C.O.R.N. Newsletter 2011-38

Dates Covered: 
October 31, 2011 - November 7, 2011
Editor: 
Curtis Young

Do You Have a Favorite CCA?

Certified Crop Advisers (CCAs) are the folks who make your crop production recommendations; they work at the co-op, the ag retailer, the seed supplier, the fertilizer dealer, the independent crop advisor, or the OSU Extension office.  The Ohio CCA Board is looking for the best CCA in Ohio for 2011, if she or he works with you or for you, then please nominate them. 

The Ohio CCA Program is sponsoring one state award titled "Ohio Certified Crop Adviser of the Year."  The award program is designed to recognize an individual who is highly motivated, delivers exceptional customer service for farmer clients in nutrient management, soil and water management, integrated pest management and crop production, and has contributed substantially to the exchange of ideas and the transfer of agronomic knowledge within the agricultural industry in Ohio.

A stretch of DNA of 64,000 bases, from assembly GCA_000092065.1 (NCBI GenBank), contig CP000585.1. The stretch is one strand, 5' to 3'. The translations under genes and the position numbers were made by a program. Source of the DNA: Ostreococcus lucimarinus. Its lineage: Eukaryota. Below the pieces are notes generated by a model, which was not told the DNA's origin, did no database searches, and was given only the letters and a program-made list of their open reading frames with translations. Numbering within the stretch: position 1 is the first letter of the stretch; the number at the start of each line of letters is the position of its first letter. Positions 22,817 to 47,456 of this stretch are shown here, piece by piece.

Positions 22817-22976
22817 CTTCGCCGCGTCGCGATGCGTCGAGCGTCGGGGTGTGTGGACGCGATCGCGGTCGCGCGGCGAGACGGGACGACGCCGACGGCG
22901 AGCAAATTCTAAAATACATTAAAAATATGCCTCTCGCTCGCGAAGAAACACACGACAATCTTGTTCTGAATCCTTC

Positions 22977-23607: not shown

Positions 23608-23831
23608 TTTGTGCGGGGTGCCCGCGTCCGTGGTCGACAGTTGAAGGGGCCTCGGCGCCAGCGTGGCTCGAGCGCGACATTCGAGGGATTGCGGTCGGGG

The purpose of this award is to increase the awareness that both farmers and their service people strive to do their best in making cropping decisions that are economically and environmentally sound.  A CCA must meet the standards set by the American Society of Agronomy (ASA) and maintain that certification through continuing education.  They also sign a code of ethics pledging to do their best to operate in the best interests of their client.  Together a farmer and a CCA make a team that is working to manage an economically viable business while practicing responsible stewardship.  This is a win/win approach for both farmers and CCAs. 

Eligibility for CCA of the Year:

*  Nominee must hold a current Ohio CCA certification and be in good standing.

*  Nominees will be evaluated on the basis of the information provided in the nomination, and for the finalists from participation in an interview.

*  Resubmittal of previous nominations acceptable as long as they are on current nomination form.

*  Former recipients of the Ohio Excellence in Crop Advising Award are not eligible.